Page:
Retail beef prices (November 2006), at $3.96 per pound, are just over 1 percent below $4.02 in November 2005. The November 2006 farm-to-wholesale and wholesale-to-retail spreads for Choice beef are slightly wider, by 5 and 1.5 percent, respectively, than November 2005 spreads. Despite this, packers continue to struggle with narrow margins.

Beef Trade

The beef export forecast for the fourth quarter was reduced slightly due, first, to some softness observed in exports to Mexico to date, based on weekly reports by the Foreign Agricultural Service, USDA, and, secondly, to the failure of the South Korean market to effectively open to U.S. beef. The South Korean government recently rejected small shipments of beef from three different U.S. packers after small pieces of bone or cartilage were found. The “zero tolerance” standard reflected in these actions appears to preclude meaningful levels of beef exports to South Korea until this issue is resolved. Forecast beef exports for 2007 were also reduced as projected exports to South Korea will lag behind earlier expectations.

Exports to Mexico, while expected to rise in 2007, may not increase as much as previously expected. On a positive note, Colombia and Peru have reopened their markets to U.S. beef products, and shipments to other smaller markets have been growing and should continue to grow through 2007.

The beef import forecast for the fourth quarter was reduced by 80 million pounds, as domestic cow slaughter and, consequently, domestic supplies of lean beef have remained high. Also, countries that routinely supply the U.S. lean beef market continue to favor other markets where they have found better prices for some of their products. Uruguay, for example, continues to ship to destinations such as Russia and Chile. Australia and New Zealand continue to dominate exports to Japan and South Korea. Both of these factors – large domestic supplies of lean beef and suppliers who are shipping elsewhere – also affect the 2007 forecast.

Poor wheat grazing prospects, high hay prices, and related poor feed conditions may extend the higher-than-normal cow culling into early 2007, and cold storage stocks are already at high levels. Australia and New Zealand exports to Asia will likely face less displacement from U.S. exports than was previously expected, because of continued slow recovery of U.S. beef shipments. Uruguay continues to supply markets formerly served by Brazil or Argentina. The 2007 U.S. beef import forecast was reduced to 3.3 billion pounds, which is still up 8 percent over the 2006 expected total.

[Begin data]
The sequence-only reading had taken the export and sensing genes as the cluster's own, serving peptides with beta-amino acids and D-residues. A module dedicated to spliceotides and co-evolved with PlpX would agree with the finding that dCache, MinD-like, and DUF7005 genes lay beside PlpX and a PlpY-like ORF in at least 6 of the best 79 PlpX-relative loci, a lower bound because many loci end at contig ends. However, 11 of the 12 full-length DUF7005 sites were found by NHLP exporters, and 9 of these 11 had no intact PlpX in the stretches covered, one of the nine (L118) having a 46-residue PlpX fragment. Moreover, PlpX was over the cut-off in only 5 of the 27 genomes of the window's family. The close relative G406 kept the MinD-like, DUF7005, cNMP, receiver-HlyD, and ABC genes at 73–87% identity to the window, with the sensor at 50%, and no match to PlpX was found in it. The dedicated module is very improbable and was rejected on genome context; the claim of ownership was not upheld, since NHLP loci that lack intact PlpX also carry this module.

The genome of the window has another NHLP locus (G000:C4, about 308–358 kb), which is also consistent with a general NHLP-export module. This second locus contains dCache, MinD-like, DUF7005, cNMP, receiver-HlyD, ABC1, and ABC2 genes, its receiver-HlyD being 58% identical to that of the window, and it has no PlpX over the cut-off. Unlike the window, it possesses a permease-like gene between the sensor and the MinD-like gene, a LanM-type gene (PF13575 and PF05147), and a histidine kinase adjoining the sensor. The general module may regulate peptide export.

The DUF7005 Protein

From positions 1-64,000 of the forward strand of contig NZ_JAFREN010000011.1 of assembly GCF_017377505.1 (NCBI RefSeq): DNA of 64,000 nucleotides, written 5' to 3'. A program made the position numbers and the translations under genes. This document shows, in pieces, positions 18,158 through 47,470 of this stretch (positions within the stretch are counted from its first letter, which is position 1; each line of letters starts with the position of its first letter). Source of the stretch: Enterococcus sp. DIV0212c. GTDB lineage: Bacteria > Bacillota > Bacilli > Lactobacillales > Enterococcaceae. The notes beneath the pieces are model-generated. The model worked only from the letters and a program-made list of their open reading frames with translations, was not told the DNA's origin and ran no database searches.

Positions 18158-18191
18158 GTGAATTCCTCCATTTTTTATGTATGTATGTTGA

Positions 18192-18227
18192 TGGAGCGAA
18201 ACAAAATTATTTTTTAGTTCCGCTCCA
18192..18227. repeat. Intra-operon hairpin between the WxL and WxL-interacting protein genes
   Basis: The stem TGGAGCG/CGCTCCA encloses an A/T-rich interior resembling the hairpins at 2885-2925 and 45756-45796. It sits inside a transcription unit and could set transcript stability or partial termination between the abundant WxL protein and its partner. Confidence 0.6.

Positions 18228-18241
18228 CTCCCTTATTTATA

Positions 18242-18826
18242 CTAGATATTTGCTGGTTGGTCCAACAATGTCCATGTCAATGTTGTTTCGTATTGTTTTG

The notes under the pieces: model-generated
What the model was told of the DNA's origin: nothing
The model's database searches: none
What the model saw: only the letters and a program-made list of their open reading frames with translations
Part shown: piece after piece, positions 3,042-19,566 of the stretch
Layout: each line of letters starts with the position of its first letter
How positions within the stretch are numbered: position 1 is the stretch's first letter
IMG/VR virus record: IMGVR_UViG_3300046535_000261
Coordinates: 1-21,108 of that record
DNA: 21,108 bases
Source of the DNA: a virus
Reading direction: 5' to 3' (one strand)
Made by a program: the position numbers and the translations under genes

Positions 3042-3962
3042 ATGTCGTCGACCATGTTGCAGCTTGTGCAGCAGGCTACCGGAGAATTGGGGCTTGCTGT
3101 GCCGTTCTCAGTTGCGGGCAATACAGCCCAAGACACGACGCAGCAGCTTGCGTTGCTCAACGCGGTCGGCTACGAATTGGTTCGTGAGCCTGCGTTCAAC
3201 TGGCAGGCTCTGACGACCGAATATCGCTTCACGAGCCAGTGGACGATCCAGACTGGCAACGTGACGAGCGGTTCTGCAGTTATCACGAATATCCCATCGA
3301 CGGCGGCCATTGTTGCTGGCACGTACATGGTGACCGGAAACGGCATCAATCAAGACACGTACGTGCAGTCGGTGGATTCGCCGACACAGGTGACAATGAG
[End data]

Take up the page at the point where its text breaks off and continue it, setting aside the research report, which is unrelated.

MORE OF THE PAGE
Milk and Product Prices Forecast To Rise in 2007 as Milk Production Increases Slightly

Milk production in 2006 has continued to expand, although the rate of expansion has slowed as the year has progressed—from 5.1 percent above a year ago in the first quarter to only 1.3 percent in the third quarter. The November Milk Production report estimated October cow numbers at 9.1 million head, 47,000 more than in October 2005 and 2,000 more than in September. The increased cow population comes despite higher culling rates throughout most of 2006. The higher numbers, combined with increased production per cow, will push 2006 production above 2005 by 2.8 percent. The milk-feed price ratio slid to 2.34 in November according to the Agricultural Prices report, a decline of 19 points from October. Prospects for higher milk prices from now into 2007 are countered by stable-to-higher soybean meal prices and substantially higher corn prices, which will result in continued weak milk-feed price ratios.

Based on these data, projected 2006 milk production is 181.9 billion pounds, unchanged from November. Cow numbers are expected to decline slightly in 2007. However, gains in output per cow will offset lower cow numbers. Milk production is expected to post a slight increase resulting in a 0.6-percent rise in 2007 production to 183 billion pounds.

Cheese production and stocks were above year-earlier levels in October, but prices rose sharply on seasonal demand and limited supplies of nonfat dry milk and skim milk powders (NDM/SMP). Better returns on NDM and SMP as well as stronger fluid milk use this year compared with last have reduced the availability of milk for cheese production. Although cheese prices have declined from their peak, the fourth quarter price estimate has been raised from last month. The 2006 yearly average cheese price is expected to be $1.240 to $1.250 per pound, up slightly from November. For 2007, continued strong cheese demand will encounter slower rising milk production and push yearly average cheese price to $1.315 to $1.395 per pound.

Butter stocks are currently high but are being drawn down seasonally. Butter promotions continue at the retail level. Butter prices are expected to average $1.205 to $1.235 per pound in 2006. Butter prices could average higher in 2007 as production growth moderates but ample beginning stocks of butter will likely keep 2007 prices below 2005. For 2007, average butter price is forecast between $1.250 and $1.360 per pound.

Dry product inventories are tight and production rates steady. Thus, NDM prices have been firm to slightly higher in the fourth quarter of 2006. Global supplies of dairy products are also tight helping U.S. export prospects. The tight international situation is likely to continue through the first half of 2007. The average 2006 NDM price is expected to be 87.5 to 89.5 cents per pound. This average price reflects the strengthening seen in the current fourth quarter. The 2007 price should range higher, at 90.5 to 96.5 cents per pound. The whey market continues to show strength in light of robust demand both internationally and domestically. The whey price in 2006 is expected to be 32.5 to 33.5 cents per pound and to strengthen in 2007 to 34.5 to 37.5 cents per pound.

The expected modest increase in milk production in 2007 in the face of strong demand should boost milk prices in 2007. The Class IV price is expected to average $10.95 to $11.15 per hundredweight (cwt) in 2006 and rise to $11.40 to $12.30 in 2007. The Class III price is projected at $11.85 to $11.95 in 2006, climbing to $12.75 to $13.55 in 2007. The expected average all milk price is estimated to be $12.85 to $12.95 in 2006 and $13.70 to $14.50 in 2007.

Further Information

For more information view the full Livestock, Dairy and Poultry Outlook - December 2006 (pdf)

December 2006